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CEOs of Parsley Energy Inc. (PE) and Hecla Mining Company (HL) Are Discarding Shares, Plus Insider Buying at 3 Other Companies

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According to a fresh article written by the Wall Street Journal, a former partner at law firm Hunton & Williams LLP and his investment adviser were charged with participating in an insider-trading scheme ahead of Pfizer Inc. (NYSE:PFE)’s acquisition of King Pharmaceuticals in 2010. Prosecutors said Robert Schulman, a lawyer at Hunton & Williams, tipped off his investment adviser about a pending merger between Pfizer and King Pharmaceuticals, with the two men and their co-conspirators generating more than $400,000 in ill-gotten gains by trading King shares ahead of the deal. This is just one of the many insider trading scandals making headlines on a weekly basis.

Investors usually associate insider trading with illegal conduct, but only a small portion of insider trading activity is illegal. In fact, most corporate insiders buy and sell securities in a perfectly legal way. Illegal insider trading involves transactions completed by insiders who had access to material non-public information, be it related to acquisition announcements, earnings releases or other significant news events. Outsiders might find it difficult to draw a line between legal and illegal insider trading, as most corporate insiders have superior knowledge about their companies’ business developments, current challenges and future prospects than any of us. That said, this article will discuss a set of notable insider transactions reported with the SEC on Wednesday.

Academic research has shown that certain insider purchases historically outperformed the market by an average of seven percentage points per year. This effect is more pronounced in small-cap stocks. Another exception is the small-cap stock picks of hedge funds. Our research has shown that imitating the 15 most popular small-cap stocks among hedge funds outperformed the market by nearly a percentage point per month between 1999 and 2012 (read more details here).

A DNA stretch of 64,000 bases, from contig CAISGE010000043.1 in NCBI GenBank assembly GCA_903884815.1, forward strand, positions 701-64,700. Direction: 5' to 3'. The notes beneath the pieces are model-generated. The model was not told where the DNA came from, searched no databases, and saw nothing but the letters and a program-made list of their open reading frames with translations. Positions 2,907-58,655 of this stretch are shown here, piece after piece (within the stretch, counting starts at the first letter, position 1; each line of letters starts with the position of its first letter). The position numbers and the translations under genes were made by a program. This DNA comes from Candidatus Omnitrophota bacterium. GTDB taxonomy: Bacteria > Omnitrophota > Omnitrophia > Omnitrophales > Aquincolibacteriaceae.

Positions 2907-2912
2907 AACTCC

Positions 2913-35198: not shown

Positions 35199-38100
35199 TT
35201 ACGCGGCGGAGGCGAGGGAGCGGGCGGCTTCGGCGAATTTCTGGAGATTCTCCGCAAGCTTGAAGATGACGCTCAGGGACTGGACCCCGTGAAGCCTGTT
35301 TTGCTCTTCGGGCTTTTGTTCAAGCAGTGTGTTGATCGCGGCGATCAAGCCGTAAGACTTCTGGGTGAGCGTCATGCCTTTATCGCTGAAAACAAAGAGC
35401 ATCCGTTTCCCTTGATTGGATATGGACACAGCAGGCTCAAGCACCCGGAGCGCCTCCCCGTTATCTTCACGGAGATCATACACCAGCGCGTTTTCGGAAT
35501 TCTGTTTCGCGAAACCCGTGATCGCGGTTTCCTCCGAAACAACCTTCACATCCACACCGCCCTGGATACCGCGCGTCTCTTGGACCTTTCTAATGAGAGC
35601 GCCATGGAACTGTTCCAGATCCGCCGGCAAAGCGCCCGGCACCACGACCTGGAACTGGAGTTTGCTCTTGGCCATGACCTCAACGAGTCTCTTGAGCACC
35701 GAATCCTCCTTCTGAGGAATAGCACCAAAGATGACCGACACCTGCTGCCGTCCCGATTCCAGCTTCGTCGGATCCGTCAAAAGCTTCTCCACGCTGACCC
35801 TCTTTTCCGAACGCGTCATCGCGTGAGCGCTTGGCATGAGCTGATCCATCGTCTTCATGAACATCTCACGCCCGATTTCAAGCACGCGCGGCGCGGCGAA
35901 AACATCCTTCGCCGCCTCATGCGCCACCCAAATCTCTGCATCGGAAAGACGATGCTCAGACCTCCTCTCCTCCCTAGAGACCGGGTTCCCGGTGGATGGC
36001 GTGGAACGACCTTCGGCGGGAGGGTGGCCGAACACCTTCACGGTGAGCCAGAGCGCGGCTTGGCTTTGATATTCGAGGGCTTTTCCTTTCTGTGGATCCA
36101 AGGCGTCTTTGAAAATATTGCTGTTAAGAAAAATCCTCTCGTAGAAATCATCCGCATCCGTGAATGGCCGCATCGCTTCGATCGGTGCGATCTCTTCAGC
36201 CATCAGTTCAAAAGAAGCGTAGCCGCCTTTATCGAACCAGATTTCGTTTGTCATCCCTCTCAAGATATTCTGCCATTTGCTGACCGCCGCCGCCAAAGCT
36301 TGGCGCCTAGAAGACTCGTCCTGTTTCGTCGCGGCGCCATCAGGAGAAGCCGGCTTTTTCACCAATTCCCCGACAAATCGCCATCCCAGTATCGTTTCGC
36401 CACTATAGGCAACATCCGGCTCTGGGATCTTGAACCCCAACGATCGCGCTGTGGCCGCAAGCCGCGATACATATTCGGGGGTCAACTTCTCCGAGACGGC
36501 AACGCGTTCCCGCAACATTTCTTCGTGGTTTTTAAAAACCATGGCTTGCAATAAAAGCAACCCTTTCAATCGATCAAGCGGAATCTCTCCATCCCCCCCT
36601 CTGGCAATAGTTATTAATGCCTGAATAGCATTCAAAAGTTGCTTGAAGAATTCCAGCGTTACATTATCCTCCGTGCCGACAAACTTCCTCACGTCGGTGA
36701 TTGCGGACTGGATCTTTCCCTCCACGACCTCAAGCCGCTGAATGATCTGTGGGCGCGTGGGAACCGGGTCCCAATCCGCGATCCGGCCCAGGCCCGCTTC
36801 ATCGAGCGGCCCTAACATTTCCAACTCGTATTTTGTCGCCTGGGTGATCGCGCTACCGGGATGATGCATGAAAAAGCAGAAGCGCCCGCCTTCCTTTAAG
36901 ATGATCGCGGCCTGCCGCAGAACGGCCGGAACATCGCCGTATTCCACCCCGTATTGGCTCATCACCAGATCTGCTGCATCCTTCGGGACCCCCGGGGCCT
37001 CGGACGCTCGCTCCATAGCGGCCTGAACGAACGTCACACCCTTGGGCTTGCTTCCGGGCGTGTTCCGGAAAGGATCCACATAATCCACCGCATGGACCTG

Insider Trading Back

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Studio Behind “The Hunger Games” Registers Insider Buying

Earlier this week, Lions Gate Entertainment Corp. (USA) (NYSE:LGF) registered the first insider purchase of the year. Board member Gordon Crawford bought 50,000 shares on Tuesday for $21.70 each, boosting his overall holding to 295,020 shares.

In late June, the studio known for “The Hunger Games” movies agreed to acquire premium television network Starz (NASDAQ:STRZA) in a cash-and-stock deal valued at $4.4 billion. Analysts believe the deal will enable Lions Gate Entertainment Corp. (USA) (NYSE:LGF) to diversify its business and make financial performance less dependent on whether the company delivers a hit movie or not. The company’s revenues for the three-month period that ended June 30 grew by 35.4% year-over-year to $553.6 million, partially reflecting a strong performance of the move “Now You See Me 2.” Lions Gate shares are 34% in the red year-to-date. A total number of 32 hedge funds followed by Insider Monkey had stakes in the well-known studio at the end of March, amassing 29% of the company’s total number of outstanding shares. Sander Gerber’s Hudson Bay Capital Management acquired a new stake of 23,000 shares of Lions Gate Entertainment Corp. (USA) (NYSE:LGF) during the June quarter.

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The second page of the article will disclose fresh insider buying registered at two companies, while the final page of the article will discuss notable insider selling at two other firms.

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